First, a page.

Most corporate network administrators and security officers are well aware of the need for hardening servers and workstations. Home users on the other hand, will often accept a system configured by the vendor, and just plug it in and start working. This is a dangerous scenario on today’s Internet connected world.
So, what is system hardening? Hardening is the process of reducing the attack surface of a computer or communications system. I add communications systems, like switches, routers and cable modems, as they can benefit from hardening efforts as well. Simply by nature of operation, the more functions a system performs and services offered, the larger the attack surface.
The reduction of attack vectors is accomplished by removing any software, user accounts or services that are not actually required for system operation. It is important to realize that a system shipped pre-installed will be most likely shipped with the most insecure configuration possible. This is not necessarily an indicator of malicious intention by the vendor, rather, the vendor typically wants the user to have a simple, easy and convenient experience with the PC, so leaving everything enabled, unprotected, and using default settings adds convenience at the expense of security.
The granular “how-to” steps of system hardening will vary from platform to platform and operating system to operating system, however they follow a common process. Here is a checklist that will enable you to perform system hardening activities. If you don’t know how to accomplish a particular task for your operating system of choice, simply look it up on Google or use the resources provided at the bottom of this article, and in the process, learn a little bit more about your operating system of choice. A few handy resources are included at the end, including the “FreeFire” project, which offers tools to automate or simplify most hardening efforts.
- Backup your current configuration. (An optional step, but recommended to enable restoring to default)
- Prepare your system for hardening. (Gather CDs and tools, download patches, install a new hard drive, add any other components, disconnect from the Internet.)
- Perform initial operating system (O/S) installation. Stick the DVD into the drive and follow the prompts. (I recommend FDISK and a complete format to ensure as clean a system as possible.)
- Setup an administrator account, and give it a lengthy, complex password. (Pick the first letter from each word of your favorite book, quote or other memorable phrase. Substitute some numbers, add some symbols, and you are rocking. Example: “When you can’t find the answer, Google is great!” = wUcfta,GiG! makes a pretty good password. You get the idea.)
- Setup your everyday user account. DO NOT give it administrator rights, but do pick another DIFFERENT complex and lengthy password. If you use the correct account for the correct purpose you will protect yourself from many malicious programs and attackers.
- After O/S installation, install all updates and patches. (If you downloaded them in advance, kudos, you are more secure.)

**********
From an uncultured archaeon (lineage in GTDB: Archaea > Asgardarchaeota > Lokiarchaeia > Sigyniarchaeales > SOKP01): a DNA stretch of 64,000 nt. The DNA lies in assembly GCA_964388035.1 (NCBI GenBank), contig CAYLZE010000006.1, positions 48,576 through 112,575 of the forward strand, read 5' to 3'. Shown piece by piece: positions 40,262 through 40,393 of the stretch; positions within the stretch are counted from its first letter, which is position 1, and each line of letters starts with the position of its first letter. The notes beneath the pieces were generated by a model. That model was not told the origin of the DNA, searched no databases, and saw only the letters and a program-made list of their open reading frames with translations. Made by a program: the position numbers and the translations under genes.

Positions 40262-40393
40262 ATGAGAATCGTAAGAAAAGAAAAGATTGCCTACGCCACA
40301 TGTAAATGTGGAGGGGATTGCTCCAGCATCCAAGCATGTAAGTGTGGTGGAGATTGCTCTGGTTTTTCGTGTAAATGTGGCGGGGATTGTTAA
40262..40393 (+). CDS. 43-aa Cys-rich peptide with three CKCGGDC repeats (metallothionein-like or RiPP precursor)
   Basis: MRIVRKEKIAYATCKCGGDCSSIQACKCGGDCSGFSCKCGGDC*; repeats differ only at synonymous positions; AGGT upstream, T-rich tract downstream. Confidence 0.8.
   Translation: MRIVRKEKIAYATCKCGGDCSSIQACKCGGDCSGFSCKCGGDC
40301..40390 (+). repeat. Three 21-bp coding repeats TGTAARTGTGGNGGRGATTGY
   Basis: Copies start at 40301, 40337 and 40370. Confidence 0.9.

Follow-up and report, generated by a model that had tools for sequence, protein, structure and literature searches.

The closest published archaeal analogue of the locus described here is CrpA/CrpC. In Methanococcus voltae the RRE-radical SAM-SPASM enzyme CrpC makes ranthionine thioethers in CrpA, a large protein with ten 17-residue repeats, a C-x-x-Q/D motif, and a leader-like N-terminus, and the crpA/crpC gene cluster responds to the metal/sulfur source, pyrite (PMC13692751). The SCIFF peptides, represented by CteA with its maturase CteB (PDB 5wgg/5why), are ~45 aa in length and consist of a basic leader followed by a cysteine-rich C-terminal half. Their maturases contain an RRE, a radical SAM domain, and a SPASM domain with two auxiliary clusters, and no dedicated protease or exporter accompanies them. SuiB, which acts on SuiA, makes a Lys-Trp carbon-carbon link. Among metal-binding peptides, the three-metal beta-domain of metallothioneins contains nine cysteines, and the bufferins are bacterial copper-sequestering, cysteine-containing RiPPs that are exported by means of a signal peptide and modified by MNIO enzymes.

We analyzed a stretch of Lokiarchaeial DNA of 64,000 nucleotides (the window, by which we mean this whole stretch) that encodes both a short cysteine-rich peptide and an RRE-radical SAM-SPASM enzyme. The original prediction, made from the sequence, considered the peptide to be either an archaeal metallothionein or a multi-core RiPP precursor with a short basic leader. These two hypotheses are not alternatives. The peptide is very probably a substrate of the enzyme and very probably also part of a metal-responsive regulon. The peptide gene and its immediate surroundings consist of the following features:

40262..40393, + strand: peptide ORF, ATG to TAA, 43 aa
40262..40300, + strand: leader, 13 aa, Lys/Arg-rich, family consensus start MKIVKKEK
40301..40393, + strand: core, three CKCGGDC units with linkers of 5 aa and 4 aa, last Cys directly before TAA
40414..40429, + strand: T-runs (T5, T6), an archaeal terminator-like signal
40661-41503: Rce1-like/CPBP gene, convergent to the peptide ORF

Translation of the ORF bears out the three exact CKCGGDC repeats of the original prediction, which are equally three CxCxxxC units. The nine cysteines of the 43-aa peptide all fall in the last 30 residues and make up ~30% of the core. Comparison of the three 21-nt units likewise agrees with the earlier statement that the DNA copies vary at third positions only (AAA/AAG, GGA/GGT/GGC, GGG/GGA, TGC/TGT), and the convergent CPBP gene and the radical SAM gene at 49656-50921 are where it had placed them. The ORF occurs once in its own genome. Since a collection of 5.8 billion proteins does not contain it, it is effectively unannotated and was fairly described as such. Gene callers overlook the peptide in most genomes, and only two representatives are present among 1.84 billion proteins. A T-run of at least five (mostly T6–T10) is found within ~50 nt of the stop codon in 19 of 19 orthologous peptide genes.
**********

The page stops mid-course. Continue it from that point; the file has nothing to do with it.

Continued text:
- Install only the software you need. Most systems ship with a set of useful (and not so useful) software packages (called bloatware by some). Do your testing later, for now just install what you know you will need.
- Disable guest accounts, and remove unnecessary usernames and passwords. Disable all remote and support accounts, and all accounts related to services which are not going to be used. For all accounts, ALWAYS change the default passwords.
- Install your Anti-Virus, Personal Firewall, and other security tools of choice.
- Reconnect to the Internet. You will undoubtedly need to get back online to gather the last few O/S updates, A/V updates, and the next step, patching all of your installed applications.
- Apply any additional security and functionality patches for everything that is installed on the system. You are now current!
- Disable or remove unnecessary services. Removing all of the services which are not needed will seriously reduce your vulnerability to attack. If you find that something doesn’t work, it is a simple matter to re-enable the service. If you are uncertain what services to leave enabled or disabled, consult with your O/S vendor’s website.
- At this stage, it is probably prudent to consider whole-disk encryption. When used properly, if someone steals your home computer, they get the hardware, but do not gain access to your personal information or anything that you might be working on at home. I recommend it, but it does add some minor performance overhead, typically increasing bootup times.
- Run a vulnerability scan. Pick your favorite scanner, (Microsoft still provides MBSA, and Secunia offers a good one, both are free! http://sectools.org/vuln-scanners.html). Perform a full scan including dangerous scans. Read through the results and analyze them. Fix what is required.
- If no Vulnerabilities are discovered (or there are no remotely exploitable vulnerabilities at least!), the system is ready for use. You have successfully hardened the system!
- Consider reading and implementing some of the additional guidance provided by NIST and other recognized security bodies.
- Backup the new configuration.
- Install any additional software that you want to test, examine or are curious about. Don’t forget to patch these new programs, and if you decide not to use them, you can restore the system with the backup you made. (Installing software and then removing it may leave your system with “stubs” in the registry, or other issues that may over time, slow the system down.)
- Once you have it all configured securely, working like a charm, and everything installed, do one more backup.
- Finally, consider signing up for security mailing lists that are relevant to your O/S, software, and interests. Stay current with patches and aware of threats to your online security.